When your child comes out as transgender, it's natural to want to learn all there is to know about what that means for you and your child. What does it mean for your child to be transgender? Will they transition, and what are all the different kinds of transitions? Do you have to tell your extended family and friends immediately, or ever? What about the staff of your child's school, if they are still attending, or their friends and their friend's parents? It can be overwhelming.
The first thing you should do when your child comes out is to make sure they feel loved and supported.
Transgender and non-binary youth who have the support of just one family member have 43% lower odds of attempting suicide, according to a 2021 study done by the Trevor Project. Imagine how much higher that percentage would be with two supportive parents.
Here are five ways you can support your child after they come out as transgender:
- Love them the same way you have always loved them. Your child is the same person they were the day before they came out as transgender. The only thing that might be different is their name, pronouns, or gender presentation. None of that changes how you love them. Keep loving them and make sure they know how strong your love is because they feel vulnerable right now.
- Use their name and pronouns. If your child tells you they are changing their name and pronouns, make a real effort to use the new name and pronouns, even if it feels hard. If you are having difficulty using new pronouns for your child, this post has tips that may help.
- Start small. Pick one thing you can manage relatively quickly and then build on your success. It could be complimenting your child's clothing or hairstyle. Perhaps it's buying your child nail polish or new underwear. Something that shows your child you are on board and will be there for them.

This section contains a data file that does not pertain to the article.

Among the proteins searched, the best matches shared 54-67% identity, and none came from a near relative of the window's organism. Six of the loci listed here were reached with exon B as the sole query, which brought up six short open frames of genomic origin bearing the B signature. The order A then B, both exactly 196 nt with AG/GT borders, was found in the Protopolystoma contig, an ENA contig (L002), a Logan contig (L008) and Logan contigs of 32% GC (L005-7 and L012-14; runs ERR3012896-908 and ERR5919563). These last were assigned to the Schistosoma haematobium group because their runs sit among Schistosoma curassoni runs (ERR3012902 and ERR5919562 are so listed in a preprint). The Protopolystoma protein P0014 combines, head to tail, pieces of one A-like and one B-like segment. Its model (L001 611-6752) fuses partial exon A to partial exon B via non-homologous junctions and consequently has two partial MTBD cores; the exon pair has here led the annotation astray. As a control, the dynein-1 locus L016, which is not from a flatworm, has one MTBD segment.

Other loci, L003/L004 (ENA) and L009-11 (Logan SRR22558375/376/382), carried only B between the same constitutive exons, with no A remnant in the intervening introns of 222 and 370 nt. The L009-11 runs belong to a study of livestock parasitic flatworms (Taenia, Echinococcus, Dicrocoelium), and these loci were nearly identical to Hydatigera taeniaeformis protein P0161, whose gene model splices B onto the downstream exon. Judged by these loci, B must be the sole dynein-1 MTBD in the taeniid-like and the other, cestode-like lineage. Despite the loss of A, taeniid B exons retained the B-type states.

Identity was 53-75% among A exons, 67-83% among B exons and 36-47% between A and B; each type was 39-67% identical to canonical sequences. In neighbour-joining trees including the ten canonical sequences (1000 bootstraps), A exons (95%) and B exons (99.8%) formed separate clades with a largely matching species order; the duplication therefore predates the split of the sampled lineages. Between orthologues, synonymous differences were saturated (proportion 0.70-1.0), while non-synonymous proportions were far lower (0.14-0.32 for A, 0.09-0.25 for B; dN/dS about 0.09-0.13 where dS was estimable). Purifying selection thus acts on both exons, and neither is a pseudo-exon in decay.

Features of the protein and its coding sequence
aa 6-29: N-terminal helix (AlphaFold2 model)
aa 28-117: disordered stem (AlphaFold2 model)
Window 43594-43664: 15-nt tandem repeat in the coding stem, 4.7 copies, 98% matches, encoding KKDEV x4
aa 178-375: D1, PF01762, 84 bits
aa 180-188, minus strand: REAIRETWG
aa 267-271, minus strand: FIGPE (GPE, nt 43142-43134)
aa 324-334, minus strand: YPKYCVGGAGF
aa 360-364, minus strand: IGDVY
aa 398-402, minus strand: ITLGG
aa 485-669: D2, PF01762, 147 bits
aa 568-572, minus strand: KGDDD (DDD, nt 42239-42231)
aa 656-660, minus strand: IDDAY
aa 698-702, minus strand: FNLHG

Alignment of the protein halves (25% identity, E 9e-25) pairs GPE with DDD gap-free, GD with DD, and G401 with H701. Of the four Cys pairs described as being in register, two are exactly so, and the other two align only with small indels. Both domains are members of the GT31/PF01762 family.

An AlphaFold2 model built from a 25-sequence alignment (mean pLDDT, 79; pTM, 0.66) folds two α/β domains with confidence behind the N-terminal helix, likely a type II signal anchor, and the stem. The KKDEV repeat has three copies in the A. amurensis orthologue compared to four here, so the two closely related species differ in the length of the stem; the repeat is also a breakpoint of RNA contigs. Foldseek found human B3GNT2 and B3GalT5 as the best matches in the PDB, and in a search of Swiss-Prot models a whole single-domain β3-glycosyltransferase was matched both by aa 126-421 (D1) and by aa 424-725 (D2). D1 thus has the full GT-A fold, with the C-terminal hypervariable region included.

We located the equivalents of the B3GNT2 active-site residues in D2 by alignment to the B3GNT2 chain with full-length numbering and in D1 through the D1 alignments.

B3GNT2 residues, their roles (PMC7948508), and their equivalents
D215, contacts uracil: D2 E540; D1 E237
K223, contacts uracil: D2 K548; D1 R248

- Find support for your child. Your child may not be ready to interact with other transgender or nonbinary people yet but know where to get support for them and you. Are there local organizations in your community? You may have a PFLAG chapter or Strong Family Alliance. GLSEN (Gay, Lesbian & Straight Education Network) provides resources to create safe schools and has kits and programs for students in K-12 to get involved in.
- Go slow. It may seem like your child is in a rush to move forward to the next stages of their transition, but that is because they have been planning for this moment for a long time, and they are excited. Depending on how they decide to transition (social, legal, medical, all of the above, some of the above), some of those processes take time. Prepare your child to be patient and remind them that waiting doesn't make them any less transgender.
Remember, you are your child's best advocate, and while it will take time to process your child's coming out and work through the emotions you feel surrounding it, you can support your child.
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